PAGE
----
If it is that Castle wants out of show than that is just where the people here have gone and that can be defined by lack of loyalty. Or greed.

    When O’Neal left SG1 of Stargate it was the same. He was part of the glue to a good show.

    As to the quality of the show going down hill, I dont agree. All shows will have a episode or 2 here and there that does not flow well. Too bad, someone just had to kill it!

  18. This entire article is a “LOAD” . fans should not by into this kind of speculation by individuals who have no clue what the writers planned. The Creator identified very clearly that there is “more that needs to happen before the wedding happens.” This is just a Twist in the storyline. a fan perspective says A} that 3XK needs to be resolved before they wed and B} that implications from the creator indicates that a new recurring villian is about to be revealed. season 6 moved up the bar…season 7 will raise it agian, just like it has done every season.

    1. Edward,

      Perhaps you are correct about future plot lines. That was not the point here, as specifically stated.

      Rather this was to explore implications of this episode in the context of the full series, to see what we “know” about the characters.

      This is about the show’s past, not its future.

  19. Season 6 Finale has 3XK written ALL OVER IT. Beckett has always been sort of on the back burner with 3XK. this brings her to the frontlines. it also does something else. When Castle tortured the guy who drove the car that kidnapped Alexis, Beckett asked him about it and said that she did not think he had that side to him. Now it is HER turn. 3KX…”say Goodbye.”

  20. IF THAT HAPPENS I AM NEVER WATCHING CASTLE AGAIN
    beckett and castle are too strong as a couple this will never
    ever ever ever happen and if it does they just lost a viewer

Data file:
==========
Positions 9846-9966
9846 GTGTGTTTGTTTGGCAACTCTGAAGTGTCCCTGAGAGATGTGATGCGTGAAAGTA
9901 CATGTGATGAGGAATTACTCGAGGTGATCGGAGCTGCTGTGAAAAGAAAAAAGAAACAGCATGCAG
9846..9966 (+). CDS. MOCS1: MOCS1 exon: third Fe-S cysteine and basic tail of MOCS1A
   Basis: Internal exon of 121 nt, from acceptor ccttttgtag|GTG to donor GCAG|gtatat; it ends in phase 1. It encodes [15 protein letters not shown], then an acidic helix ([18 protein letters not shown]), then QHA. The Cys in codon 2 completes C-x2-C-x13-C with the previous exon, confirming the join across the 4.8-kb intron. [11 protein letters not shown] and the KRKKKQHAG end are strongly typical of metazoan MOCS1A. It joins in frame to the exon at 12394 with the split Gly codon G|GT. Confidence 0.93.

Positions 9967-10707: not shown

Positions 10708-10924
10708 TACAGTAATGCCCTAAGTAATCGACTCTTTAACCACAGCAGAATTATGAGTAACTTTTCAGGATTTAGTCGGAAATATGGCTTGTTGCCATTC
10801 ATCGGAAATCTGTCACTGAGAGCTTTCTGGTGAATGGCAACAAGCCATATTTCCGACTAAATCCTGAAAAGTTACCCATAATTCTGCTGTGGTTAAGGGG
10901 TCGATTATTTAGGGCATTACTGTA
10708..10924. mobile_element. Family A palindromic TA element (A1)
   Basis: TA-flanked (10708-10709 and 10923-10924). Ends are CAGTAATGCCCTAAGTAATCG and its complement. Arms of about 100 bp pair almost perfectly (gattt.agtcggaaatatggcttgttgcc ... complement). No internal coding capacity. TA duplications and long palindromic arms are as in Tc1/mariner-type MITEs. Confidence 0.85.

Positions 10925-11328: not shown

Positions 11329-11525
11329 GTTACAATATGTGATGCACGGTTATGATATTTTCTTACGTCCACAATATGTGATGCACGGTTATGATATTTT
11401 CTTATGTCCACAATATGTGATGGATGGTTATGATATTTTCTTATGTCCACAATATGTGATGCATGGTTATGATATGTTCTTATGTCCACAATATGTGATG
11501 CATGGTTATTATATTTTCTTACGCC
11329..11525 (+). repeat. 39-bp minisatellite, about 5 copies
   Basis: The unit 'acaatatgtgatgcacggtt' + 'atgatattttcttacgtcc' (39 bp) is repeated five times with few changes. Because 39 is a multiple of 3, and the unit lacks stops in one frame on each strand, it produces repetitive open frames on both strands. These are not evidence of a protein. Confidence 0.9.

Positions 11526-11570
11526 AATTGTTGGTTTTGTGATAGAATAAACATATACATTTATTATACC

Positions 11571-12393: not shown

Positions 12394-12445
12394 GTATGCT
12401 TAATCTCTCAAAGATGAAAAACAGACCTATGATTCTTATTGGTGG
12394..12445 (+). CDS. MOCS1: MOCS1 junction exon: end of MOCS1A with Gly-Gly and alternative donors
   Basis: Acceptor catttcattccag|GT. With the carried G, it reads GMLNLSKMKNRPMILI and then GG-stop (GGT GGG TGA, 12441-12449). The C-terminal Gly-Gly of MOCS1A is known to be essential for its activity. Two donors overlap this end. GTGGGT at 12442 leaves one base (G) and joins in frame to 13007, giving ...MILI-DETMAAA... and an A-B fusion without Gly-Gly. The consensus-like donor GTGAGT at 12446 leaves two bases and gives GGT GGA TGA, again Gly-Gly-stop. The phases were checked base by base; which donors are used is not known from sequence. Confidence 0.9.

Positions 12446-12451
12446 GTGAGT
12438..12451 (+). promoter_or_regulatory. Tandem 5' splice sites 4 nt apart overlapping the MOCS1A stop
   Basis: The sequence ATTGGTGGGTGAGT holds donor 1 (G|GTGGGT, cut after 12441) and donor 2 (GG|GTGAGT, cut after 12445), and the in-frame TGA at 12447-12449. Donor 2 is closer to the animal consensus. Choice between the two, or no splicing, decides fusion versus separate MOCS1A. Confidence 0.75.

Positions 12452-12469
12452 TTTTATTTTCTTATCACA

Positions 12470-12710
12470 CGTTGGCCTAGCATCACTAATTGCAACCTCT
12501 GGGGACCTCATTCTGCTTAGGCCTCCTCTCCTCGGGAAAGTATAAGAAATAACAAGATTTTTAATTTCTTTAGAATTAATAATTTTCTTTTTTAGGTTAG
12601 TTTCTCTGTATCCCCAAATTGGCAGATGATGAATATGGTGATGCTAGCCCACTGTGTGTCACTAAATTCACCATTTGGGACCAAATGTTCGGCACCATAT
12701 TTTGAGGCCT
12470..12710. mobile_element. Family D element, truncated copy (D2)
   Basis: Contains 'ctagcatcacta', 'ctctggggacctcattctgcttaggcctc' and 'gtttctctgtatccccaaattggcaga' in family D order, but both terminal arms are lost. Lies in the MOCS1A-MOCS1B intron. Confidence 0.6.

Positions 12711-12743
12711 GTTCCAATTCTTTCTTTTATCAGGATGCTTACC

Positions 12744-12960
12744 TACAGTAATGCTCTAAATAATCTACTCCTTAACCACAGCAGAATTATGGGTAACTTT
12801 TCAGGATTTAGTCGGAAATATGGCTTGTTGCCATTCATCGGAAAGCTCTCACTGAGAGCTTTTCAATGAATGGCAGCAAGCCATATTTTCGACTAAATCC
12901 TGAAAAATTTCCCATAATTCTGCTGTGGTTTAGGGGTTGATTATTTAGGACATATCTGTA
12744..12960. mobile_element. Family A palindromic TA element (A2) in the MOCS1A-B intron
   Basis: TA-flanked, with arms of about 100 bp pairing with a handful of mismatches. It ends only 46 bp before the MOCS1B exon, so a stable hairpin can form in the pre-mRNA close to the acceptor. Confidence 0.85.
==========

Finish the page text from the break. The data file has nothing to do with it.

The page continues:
1. Hannah,

      Rest assured that this will not happen! It is a thought-experiment, a way to vividly illustrate how the character of Richard Castle has evolved during the season.

      Many fans have remarked that Nathan F appears, on screen and off, disenchanted with his role. Perhaps he agrees with the analysis here.

      Thanks for commenting here, sharing your interest in the show!

    1. Jeff,

      I would very much like to see many more season of Castle, taking them through marriage and development of their careers — until they move on from detectives to serious writer and politican.

      It would make history for a TV show to move from driven by unresolved sexual tension to mature family life. The Castle team could do it. But it would require a big leap of faith to go where nobody has successfully gone before.

  21. Don’t take castle away. You will lose your audience if you do this. Our lives are all too real as it is, why not allow us drown out the real for the special, fantasy, love and heart?
    Why this new approach. Is Nathan Fallion doing a movie as to why he isn’t on the show ?
    Stupid if you ask me. I watch reruns everyday of Castle. You will be taking my enjoyment away!

    1. Joyce,

      Thank you for your comment! Richard Castle will not disappear from “Castle”.

      What we have seen, however, is the evolution of his character. The strong alpha — sharp mentally, lean and fit physically — has decayed to the passive, limp, stout Castle we see at the end of season 6. In season one Beckett ran to keep up with Castle; now Castle has become a Beta orbiter to Beckett.

      Sad. Perhaps the show will re-vitalize itself. But we’ll always have seasons 1 to 6.

  22. 炒作似乎助推了影片的解禁但在軍隊就需要這樣,我撞到了,我在軍隊的天地很廣闊,可以自由翱翔!” 台北援交 說這段話時吳京難掩滿滿的自信與驕傲。到現在 台北援交,陰謀集團在媒體上的壓制,以防止人們享有 台南援交 應有的世界和社會的全面的信息分享 台南援交。據記者了解,整個現代農業的投入資金將全部來自于海亮自身。3.子公司是獨立法人,其所得稅計征獨立進行 高雄一夜情。英軍投降后,雖然戰火暫停下來,香港居民依然驚魂未定,當此離亂之時,她所能獲得的唯一慰藉,便是香港下午茶。比如學佛了嘛 成人h片,看到他人賺錢,說這個財富不一定是好事情呢,將來很可能因此而造罪。首先,由于藏獒體型巨大,領土意識很強 高雄一夜情 台南外送茶,對外人警惕性很強